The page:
With gentle, small movements, Diana El Jeiroudi draws a line across the lash line. She looks herself in the eye. The camera, aimed at the mirror, is filming. Make-up is El Jeiroudi’s battle outfit – a sign that lets those around her, but especially herself, understand: I’m ready. The eyeliner is a recurring motif in her documentary “Republic of Silence” – just like the ticking of the clock, the view from the window of the TV tower in Berlin, the corpses of dead, murdered people in Syria.
El Jeiroudi worked for more than ten years on the three-hour film essay about her home country, which resulted in a personal memoir. From the perspective of her surroundings, she tells how war, dictatorship and repression are reflected in private life – and looks back on her own past: She remembers the first camera that her father gave her as a seven-year-old; documents the arrest of her partner, the independent filmmaker Orwa Nyrabia, with whom she now lives in exile in Berlin.
Republic of Silence is El Jeiroudi’s most personal work to date. Looking in the mirror, getting ready, therefore also stands for a self-critical look at one’s own work. It is precisely this visual language, the subtle, intimate details, that characterize your film and give it its effect. “I’m tired of boasting and loud voices. I’m tired of it,” El Jeiroudi says in the video conversation.
The director, born in 1977, grew up in Syria and studied in Damascus. Still, she doesn’t want to be called a Syrian filmmaker – “not to be reduced to a passport,” as she says. El Jeiroudi discovered film for herself at the age of 25 and has since established herself as an internationally recognized director and screenwriter. Today she is a member of the Academy of Motion Picture Arts and Sciences in Los Angeles. Last year, Republic of Silence premiered at the Venice Film Festival.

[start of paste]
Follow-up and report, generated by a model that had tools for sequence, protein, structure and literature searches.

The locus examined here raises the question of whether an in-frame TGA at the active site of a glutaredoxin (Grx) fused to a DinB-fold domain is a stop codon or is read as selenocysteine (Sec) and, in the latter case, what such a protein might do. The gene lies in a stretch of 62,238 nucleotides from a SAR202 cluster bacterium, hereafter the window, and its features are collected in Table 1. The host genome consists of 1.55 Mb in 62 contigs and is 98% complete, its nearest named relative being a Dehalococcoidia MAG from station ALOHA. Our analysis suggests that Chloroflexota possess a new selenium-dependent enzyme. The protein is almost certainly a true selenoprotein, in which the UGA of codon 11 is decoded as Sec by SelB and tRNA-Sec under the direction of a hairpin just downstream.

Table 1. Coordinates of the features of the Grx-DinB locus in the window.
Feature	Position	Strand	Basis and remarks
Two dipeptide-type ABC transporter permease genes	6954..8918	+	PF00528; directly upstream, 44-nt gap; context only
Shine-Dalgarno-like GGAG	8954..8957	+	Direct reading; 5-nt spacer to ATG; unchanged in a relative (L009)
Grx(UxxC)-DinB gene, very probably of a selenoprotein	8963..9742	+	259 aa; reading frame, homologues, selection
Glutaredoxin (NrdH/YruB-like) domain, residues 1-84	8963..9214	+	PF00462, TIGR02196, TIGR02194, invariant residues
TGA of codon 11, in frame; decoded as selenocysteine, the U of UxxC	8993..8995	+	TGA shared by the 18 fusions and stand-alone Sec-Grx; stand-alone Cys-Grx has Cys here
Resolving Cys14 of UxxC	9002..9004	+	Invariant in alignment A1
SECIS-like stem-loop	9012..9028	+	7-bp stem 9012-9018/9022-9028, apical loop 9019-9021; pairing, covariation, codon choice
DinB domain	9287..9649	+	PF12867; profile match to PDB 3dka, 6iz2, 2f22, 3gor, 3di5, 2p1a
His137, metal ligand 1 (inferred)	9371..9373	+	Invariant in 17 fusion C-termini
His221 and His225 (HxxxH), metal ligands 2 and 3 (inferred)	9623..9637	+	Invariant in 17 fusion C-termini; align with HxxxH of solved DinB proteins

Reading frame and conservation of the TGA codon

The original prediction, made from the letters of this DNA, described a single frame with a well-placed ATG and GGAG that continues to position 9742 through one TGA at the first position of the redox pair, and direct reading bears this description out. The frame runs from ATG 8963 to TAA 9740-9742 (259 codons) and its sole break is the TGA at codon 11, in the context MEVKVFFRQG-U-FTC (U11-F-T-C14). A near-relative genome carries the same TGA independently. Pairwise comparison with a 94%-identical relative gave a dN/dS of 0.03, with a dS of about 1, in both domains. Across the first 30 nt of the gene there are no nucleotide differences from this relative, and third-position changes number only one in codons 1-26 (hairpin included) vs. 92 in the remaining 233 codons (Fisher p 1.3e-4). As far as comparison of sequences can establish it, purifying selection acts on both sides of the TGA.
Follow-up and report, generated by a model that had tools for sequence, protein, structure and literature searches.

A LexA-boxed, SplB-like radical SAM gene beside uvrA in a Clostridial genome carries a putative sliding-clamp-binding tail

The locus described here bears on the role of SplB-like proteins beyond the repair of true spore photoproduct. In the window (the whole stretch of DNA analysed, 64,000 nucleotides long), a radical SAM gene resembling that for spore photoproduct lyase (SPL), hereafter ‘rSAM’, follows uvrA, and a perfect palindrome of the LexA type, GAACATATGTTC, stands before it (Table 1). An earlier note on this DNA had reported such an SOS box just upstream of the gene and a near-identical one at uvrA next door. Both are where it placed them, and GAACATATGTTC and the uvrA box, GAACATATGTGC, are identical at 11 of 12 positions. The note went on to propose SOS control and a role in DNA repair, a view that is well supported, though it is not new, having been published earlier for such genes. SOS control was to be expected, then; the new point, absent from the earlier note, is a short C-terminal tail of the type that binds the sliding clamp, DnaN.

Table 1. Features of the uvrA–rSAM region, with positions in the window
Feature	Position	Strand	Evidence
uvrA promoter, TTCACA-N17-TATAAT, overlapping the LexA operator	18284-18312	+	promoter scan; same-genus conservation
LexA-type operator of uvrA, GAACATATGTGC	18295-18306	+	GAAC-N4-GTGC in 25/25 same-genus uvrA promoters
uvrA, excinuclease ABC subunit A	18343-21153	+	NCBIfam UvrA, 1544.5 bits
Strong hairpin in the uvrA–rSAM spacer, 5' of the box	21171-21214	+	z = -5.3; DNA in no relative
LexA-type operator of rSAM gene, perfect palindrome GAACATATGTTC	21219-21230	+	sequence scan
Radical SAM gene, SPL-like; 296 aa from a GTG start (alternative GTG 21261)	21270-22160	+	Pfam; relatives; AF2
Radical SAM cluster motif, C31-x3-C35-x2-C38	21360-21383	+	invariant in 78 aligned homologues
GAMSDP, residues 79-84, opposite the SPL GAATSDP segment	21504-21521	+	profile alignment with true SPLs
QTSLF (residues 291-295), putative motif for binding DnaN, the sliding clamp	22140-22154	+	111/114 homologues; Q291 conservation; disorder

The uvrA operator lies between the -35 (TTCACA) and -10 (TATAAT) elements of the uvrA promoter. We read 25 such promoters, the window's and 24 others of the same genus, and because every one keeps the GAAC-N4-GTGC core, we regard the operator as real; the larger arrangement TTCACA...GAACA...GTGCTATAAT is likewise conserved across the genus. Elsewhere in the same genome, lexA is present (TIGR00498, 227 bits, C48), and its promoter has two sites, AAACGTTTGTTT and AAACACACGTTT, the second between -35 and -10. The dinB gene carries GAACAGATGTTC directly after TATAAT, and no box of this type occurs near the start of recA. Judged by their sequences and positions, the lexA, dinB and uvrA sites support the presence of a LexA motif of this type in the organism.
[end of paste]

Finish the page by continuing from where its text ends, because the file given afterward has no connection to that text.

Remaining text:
Filming began before the Arab Spring
It took more than a decade to get there, and the direction of the film changed in the middle of the making process: When El Jeiroudi started shooting in 2010, she was accompanying her best friend Rami Abou Jamra on his research trip to Syria. The young doctor researched hereditary diseases and visited affected families.
The recordings were made before the beginning of the Arab Spring. El Jeiroudi shows them right at the beginning, in the first of a total of four chapters. So the focus of your film is not immediately apparent – although the opening sequence already provides a clue: “This film begins without a picture. There is no picture for what I saw,” it reads in white letters on a black background. Again and again, written and moving images alternate; Photographs from El Jeiroudis school days and television recordings serve to classify personal and political events.
With the beginning of the war in Syria, the filmmaker increasingly took leave of her original idea. So she locked herself in her study, thinking, writing, redesigning. Everything that happened around her influenced her work: the disasters in her home country, the suffering of the people, the politicians who placed their slogans in the media. “I kept getting angry. And that anger building up inside me was probably the strongest emotion that made me want to do the film,” she says.
A film like a mosaic
You can feel that as a viewer. Although their anger is not expressed loudly and explosively, but quietly and at times unbearably slowly. As a woman, she pays much more attention to the details and emotions that lie dormant beneath the surface, says El Jeiroudi. She perceives the world differently than her male colleagues.
She only gradually realized that this wasn’t just for personal reasons. “Most of the films I saw when I was young were made by men,” says El Jeiroudi. As a feminist, however, it is important to her to think about the inequalities in the film industry – structurally and artistically. So it was important to her to work with a woman, Katja Dringenberg, when editing.
(In the Berlin cinemas Delphi, Filmtheater Friedrichshain, Passage)
They worked together on editing the film over a period of a year. The result is like a mosaic – the central motif: silence. “I take it as a warning,” says the director. Wherever people remain silent or are silenced, it is important to stop and question. “Silence can mean many things: protest, but also oppression.”
This is also the case in “Republic of Silence”. Sometimes swings, sometimes tilts the mood between the two opposite poles. Sometimes silence can mean both. “The audience should decide for themselves how to interpret the individual scenes,” says El Jeiroudi. “Republic of Silence” is not a film that gives answers. Rather, it is an invitation, a kind of letter. And whoever listens into the silence has a chance to understand what El Jeiroudi is whispering in it. Quiet, subtle.